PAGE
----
This Wide Night Reviews
Chicago Tribune- Recommended
"..."This Wide Night," by Chloe Moss, follows Lorraine and Marie, two friends who bonded during their time in prison reuniting on the outside. The play opens with Lorraine, who was recently released after 12 years, visiting her former cellmate's new apartment. The rest of the play, which won the 2009 Susan Smith Blackburn prize and is inspired by real accounts of women in a U.K. prison, takes place inside this tiny apartment and follows as the two women work to reestablish their relationships to each other, the world around them, and themselves outside of a prison environment."
Chicago Reader- Highly Recommended
"...The play unfolds through a series of short disconnected scenes over an indeterminate period of time. It's set in 2008, but Marie's world has so few creature comforts (her phone is disconnected) that it may as well be a sister flat to the one occupied by the characters in Harold Pinter's The Caretaker almost 50 years earlier. These women are seemingly nowhere in the world; the paradox of their lives is that they are both invisible and seen only for the history they desperately want to move past."
Windy City Times- Highly Recommended
"...Audiences long accustomed to jailbird-buddy fables featuring male bonding rituals are often unnerved when the gritty squalor associated with the genre is applied to female sensibilities; however, the Shattered Globe Theatre and Interrobang Theatre Project's re-entry into live performance refuses to blunt the impact of its topic with comfortable Hollywood tropes. Moss consulted actual female ex-convicts as consultants in her quest for verisimilitude in her portraiture thereof, and this same dedication to accuracy is likewise apparent in every production aspect. Said aspects include everything from Linda Reiter and Aila Ayilam Peck's fully committed performances under the direction of Georgette Verdin, to a collective display of technical expertise invoking a sordid ambiance so realistic that the incessant rain heard offstage is barely distinguishable from the real-world precipitation on Belmont Avenue."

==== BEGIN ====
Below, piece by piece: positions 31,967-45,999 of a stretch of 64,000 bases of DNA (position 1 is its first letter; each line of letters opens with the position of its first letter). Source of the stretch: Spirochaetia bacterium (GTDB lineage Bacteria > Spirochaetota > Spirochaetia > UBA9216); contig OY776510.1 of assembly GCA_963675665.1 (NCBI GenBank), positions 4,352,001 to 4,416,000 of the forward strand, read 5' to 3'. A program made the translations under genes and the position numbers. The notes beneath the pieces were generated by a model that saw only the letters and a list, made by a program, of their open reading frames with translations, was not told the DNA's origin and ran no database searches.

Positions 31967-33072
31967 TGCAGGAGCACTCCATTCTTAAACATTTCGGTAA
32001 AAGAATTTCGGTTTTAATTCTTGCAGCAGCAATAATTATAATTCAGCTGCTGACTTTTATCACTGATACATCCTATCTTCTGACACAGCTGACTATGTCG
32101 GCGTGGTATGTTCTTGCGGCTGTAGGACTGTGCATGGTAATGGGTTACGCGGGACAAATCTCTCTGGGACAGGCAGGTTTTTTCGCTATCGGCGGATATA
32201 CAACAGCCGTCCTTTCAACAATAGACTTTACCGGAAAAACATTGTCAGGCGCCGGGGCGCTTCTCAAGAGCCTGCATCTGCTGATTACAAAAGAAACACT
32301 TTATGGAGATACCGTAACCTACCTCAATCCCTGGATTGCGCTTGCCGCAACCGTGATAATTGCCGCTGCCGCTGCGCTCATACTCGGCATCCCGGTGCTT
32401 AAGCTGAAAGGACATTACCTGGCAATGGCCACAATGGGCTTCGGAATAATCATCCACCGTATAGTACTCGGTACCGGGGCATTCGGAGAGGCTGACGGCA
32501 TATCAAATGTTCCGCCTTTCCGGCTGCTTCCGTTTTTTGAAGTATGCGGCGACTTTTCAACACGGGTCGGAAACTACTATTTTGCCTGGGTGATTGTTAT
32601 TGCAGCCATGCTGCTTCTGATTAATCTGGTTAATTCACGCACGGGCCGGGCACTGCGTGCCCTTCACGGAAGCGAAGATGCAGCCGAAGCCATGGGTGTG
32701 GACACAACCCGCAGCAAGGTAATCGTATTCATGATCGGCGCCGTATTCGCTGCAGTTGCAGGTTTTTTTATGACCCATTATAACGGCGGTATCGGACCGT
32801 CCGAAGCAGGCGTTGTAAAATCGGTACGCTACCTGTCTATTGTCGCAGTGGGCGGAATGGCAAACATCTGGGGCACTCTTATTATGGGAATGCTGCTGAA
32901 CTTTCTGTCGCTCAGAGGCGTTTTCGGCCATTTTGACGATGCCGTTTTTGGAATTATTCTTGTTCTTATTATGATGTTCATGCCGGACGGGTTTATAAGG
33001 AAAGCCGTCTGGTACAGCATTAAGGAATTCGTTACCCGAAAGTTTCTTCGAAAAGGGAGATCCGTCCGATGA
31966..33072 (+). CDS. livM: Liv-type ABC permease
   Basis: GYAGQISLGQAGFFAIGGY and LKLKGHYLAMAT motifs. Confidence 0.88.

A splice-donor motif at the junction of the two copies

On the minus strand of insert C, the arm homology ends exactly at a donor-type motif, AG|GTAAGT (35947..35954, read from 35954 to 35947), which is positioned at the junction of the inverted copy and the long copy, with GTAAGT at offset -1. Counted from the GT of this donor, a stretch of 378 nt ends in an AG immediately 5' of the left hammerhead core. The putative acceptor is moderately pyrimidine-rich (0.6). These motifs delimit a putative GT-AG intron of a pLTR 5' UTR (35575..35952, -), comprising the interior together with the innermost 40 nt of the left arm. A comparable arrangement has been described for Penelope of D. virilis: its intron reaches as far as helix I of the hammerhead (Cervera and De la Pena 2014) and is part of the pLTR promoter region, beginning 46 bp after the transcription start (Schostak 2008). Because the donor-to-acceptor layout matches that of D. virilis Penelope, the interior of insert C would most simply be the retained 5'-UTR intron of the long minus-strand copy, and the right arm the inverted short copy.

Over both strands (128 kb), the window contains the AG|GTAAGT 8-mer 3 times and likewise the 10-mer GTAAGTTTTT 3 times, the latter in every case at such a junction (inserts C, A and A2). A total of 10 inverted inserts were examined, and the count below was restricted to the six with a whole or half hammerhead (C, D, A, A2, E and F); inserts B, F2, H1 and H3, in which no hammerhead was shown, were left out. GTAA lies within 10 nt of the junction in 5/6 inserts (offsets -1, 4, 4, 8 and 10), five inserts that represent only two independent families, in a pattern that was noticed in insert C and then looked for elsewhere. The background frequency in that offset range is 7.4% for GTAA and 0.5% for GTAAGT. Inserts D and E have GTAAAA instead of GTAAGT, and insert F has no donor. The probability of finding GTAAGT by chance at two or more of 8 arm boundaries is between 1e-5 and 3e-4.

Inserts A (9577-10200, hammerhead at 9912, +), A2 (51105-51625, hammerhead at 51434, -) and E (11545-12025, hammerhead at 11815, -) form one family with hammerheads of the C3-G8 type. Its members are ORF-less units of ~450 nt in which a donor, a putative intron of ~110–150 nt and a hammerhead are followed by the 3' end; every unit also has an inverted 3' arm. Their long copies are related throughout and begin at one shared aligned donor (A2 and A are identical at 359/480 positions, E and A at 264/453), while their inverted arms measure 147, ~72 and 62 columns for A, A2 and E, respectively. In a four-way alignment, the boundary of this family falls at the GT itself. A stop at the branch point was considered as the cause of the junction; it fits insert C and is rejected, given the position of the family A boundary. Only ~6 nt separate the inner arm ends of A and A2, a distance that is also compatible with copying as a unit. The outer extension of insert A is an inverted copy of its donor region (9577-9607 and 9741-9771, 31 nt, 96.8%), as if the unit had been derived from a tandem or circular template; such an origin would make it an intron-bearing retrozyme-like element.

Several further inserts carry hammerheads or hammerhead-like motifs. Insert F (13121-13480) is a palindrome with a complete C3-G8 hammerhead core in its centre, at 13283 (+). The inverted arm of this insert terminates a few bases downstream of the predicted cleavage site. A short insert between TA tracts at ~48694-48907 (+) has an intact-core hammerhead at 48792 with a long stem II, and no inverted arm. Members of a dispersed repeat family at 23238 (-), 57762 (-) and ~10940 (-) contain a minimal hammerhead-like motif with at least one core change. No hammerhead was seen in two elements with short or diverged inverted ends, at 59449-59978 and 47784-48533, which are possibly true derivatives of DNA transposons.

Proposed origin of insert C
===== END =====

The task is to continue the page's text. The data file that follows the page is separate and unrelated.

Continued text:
Splash Magazine- Highly Recommended
"...It is their dynamic that makes this play so very interesting to watch. Two hander plays can be especially difficult to sit through unless there are characters of great complexity and duality, which we get in Chole Moss's piece. Georgette Verdin expertly orchestrates the rhythm of the play. Nothing feels stagnant or stilted other than the awkwardness that is baked into the script. Aila Ayilam Peck gives an engaging and heartbreaking performance as Marie and Linda Reiter shines as the equal parts, charming and annoying (in the most endearing way) Lorraine."
Chicago Theatre Review- Highly Recommended
"...In "This Wide Night," Chloe Moss has taken a situation, inspired by personal conversations with real-life British prisoners, and presented two characters who have found a new kind of incarceration awaiting them after they've been freed from their jail cells. Marie and Lorraine learn that to find true freedom they must learn to adjust to the outside world and create an interdependence with each other. It's also a lesson, following the restrictions of the pandemic, that many of us are all having to learn."
Chicago On Stage- Highly Recommended
"...Moss's script is less a cohesive play than a series of short vignettes, but thanks to these two gifted actors and director Georgette Verdin's determination to help them find any source of humor they can mine in their characters' otherwise bleak lives as they cling together to ward off their loneliness, we grow to care for these women. By proxy, we are seeing thousands of others like them who, having "paid their debts," are cast aside by society as if their bills are still outstanding, as if nothing they could ever do would be able to wipe them clean."
Picture This Post- Highly Recommended
"...This is a top pick for anyone who admires seeing world class talented actors at the top of their game. Director Georgette Verdin and the creative team are pitch-perfect in keeping our focus on the two characters of the story, giving us a chance to see these two superlative actresses at work."